WASHINGTON (AP) - President Barack Obama planned to meet Friday
with families of 9/11 victims and the 17 sailors killed in the bombing of the USS Cole, responding to anger over delays in bringing terror suspects to trial.
The White House meeting was scheduled for the day after a senior
Pentagon judge dropped charges against an al-Qaida suspect being
held at Guantanamo Bay.
Thursday's legal move by Susan J. Crawford, the top legal authority for military trials at Guantanamo, upholds Obama's Jan. 22 executive order to halt terrorist court proceedings at the U.S. Navy base in Cuba, while the administration reviews the cases and how to go about closing the prison there. The charges against suspected Cole bomber Abd al-Rahim al-Nashiri marked the last active Guantanamo war crimes case.
Groups representing victims' families were angered by Obama's order, charging they had waited too long already to see the alleged attackers brought to court.
Retired Navy Cmdr. Kirk S. Lippold, the commanding officer of the Cole when it was bombed in Yemen in 2000, said he would be among family members of Cole and 9/11 victims who are meeting with Obama at the White House on Friday afternoon.
"I was certainly disappointed with the decision to delay the military commissions process," Lippold, now a defense adviser to Military Families United, said in an interview. "We have already waited eight years. Justice delayed is justice denied. We must allow the military commission process to go forward."
Conservatives in Congress have suggested that dangerous terrorists would be released under Obama's plan - a scenario that Defense Secretary Robert Gates said he could not imagine - and that Guantanamo Bay is a cushy deal for prisoners.
In a YouTube video posted from the prison this week, Republican Sen. James Inhofe, R-Okla., said detainees' access to dental work, colonoscopies and other medical procedures is proof they aren't being mistreated.
"These people are much better taken care than they have been in their entire lives," he said. Closing the prison "would be a terrible risk to us and all of Oklahoma."
Pentagon spokesman Geoff Morrell said Crawford withdrew the charges against al-Nashiri. However, new charges could be brought
again later, and al-Nashiri will remain in prison for the time being.
"It was her decision, but it reflects the fact that the president has issued an executive order which mandates that the military commissions be halted pending the outcome of several reviews of our operations down at Guantanamo," Morrell said.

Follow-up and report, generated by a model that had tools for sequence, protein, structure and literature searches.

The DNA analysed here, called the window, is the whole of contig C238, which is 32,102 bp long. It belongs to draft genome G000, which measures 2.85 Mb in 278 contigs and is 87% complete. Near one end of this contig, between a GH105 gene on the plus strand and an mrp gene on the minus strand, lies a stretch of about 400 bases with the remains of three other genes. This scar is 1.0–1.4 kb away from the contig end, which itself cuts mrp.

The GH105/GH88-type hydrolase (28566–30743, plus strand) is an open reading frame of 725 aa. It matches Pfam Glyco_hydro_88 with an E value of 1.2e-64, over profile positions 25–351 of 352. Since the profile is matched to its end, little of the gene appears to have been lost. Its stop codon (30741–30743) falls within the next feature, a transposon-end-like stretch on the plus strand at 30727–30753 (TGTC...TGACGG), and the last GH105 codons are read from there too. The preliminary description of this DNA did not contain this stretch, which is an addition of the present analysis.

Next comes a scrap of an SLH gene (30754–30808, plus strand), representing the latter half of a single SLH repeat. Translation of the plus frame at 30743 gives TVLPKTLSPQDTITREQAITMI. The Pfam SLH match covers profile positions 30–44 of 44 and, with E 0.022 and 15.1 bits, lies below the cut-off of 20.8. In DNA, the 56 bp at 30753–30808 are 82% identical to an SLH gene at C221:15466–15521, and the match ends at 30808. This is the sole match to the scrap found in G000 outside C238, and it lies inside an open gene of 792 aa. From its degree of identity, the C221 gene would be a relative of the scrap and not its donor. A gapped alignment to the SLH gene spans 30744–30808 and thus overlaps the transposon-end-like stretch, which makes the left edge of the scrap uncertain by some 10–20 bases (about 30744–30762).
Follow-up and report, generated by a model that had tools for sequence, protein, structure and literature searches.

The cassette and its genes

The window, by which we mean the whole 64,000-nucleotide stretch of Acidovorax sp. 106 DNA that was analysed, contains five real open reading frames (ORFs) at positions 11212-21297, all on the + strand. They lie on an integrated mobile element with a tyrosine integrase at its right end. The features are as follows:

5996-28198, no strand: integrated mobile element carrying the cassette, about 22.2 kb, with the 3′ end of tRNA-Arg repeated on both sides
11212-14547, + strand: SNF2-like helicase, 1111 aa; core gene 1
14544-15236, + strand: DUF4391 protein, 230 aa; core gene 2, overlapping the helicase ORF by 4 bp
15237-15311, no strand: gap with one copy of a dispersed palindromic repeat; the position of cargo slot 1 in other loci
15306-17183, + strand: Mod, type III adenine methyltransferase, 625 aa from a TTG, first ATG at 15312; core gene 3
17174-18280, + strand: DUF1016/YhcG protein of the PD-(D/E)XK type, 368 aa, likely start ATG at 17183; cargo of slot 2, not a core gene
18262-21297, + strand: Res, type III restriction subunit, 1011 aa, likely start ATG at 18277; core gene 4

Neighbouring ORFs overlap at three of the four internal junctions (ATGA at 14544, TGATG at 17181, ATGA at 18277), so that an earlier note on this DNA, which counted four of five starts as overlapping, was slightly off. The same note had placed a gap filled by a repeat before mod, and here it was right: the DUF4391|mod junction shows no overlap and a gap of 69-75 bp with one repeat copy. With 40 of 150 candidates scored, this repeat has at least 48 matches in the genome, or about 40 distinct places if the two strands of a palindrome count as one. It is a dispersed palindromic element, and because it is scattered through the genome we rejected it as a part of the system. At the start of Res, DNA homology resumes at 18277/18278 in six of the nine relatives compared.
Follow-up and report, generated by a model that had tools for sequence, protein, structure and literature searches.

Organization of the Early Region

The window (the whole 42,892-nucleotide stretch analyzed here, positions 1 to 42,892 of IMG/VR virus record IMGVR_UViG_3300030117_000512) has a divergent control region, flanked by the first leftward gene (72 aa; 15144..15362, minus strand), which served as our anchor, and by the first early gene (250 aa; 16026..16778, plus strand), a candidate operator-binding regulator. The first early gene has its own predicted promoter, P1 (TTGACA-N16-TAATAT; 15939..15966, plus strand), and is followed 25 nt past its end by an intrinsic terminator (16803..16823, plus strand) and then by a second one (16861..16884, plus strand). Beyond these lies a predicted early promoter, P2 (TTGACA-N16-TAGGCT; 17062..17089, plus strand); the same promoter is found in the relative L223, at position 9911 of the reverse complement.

Rep. Lamar Smith of Texas, top Republican on the House Judiciary
Committee, said he was concerned about the order to suspend charges
against al-Nashiri. Smith said al-Nashiri had "orchestrated the mass murder of American soldiers" and must be punished.
"I urge them to reinstate the charges as quickly as possible and in a manner that ensures justice for the families and victims," Smith said in a statement Friday.
Crawford's ruling gives the White House time to review the legal cases of all 245 terror suspects held there and decide whether they should be prosecuted in the U.S. or released to other nations.
Seventeen U.S. sailors died on Oct. 12, 2000, when al-Qaida suicide bombers steered an explosives-laden boat into the Cole, a guided-missile destroyer, as it sat in a Yemen port.
The Pentagon last summer charged al-Nashiri, a Saudi Arabian, with "organizing and directing" the bombing and planned to seek the death penalty in the case.
In his Jan. 22 order, Obama promised to shut down the Guantanamo
prison within a year. The order also froze all Guantanamo detainee
legal cases pending a three-month review as the Obama
administration decides where - or whether - to prosecute the suspects who have been held there for years, most without charges.
Two military judges granted Obama's request for a delay in other cases.
But a third military judge, Army Col. James Pohl, defied Obama's order by scheduling a Feb. 9 arraignment for al-Nashiri at Guantanamo. That left the decision on whether to continue to Crawford, whose delay on announcing what she would do prompted widespread concern at the Pentagon that she would refuse to follow orders and allow the court process to continue.
Crawford was appointed to her post in 2007 by then-President
George W. Bush. She was in the news last month when she said
interrogation methods used on one suspect at Guantanamo amounted to
torture. The Bush administration had maintained it did not torture.
Last year, al-Nashiri said during a Guantanamo hearing that he confessed to helping plot the Cole bombing only because he was tortured by U.S. interrogators. The CIA has admitted he was among
terrorist suspects subjected to waterboarding, which simulates drowning, in 2002 and 2003 while being interrogated in secret CIA prisons.
Associated Press writer Anne Flaherty contributed to this
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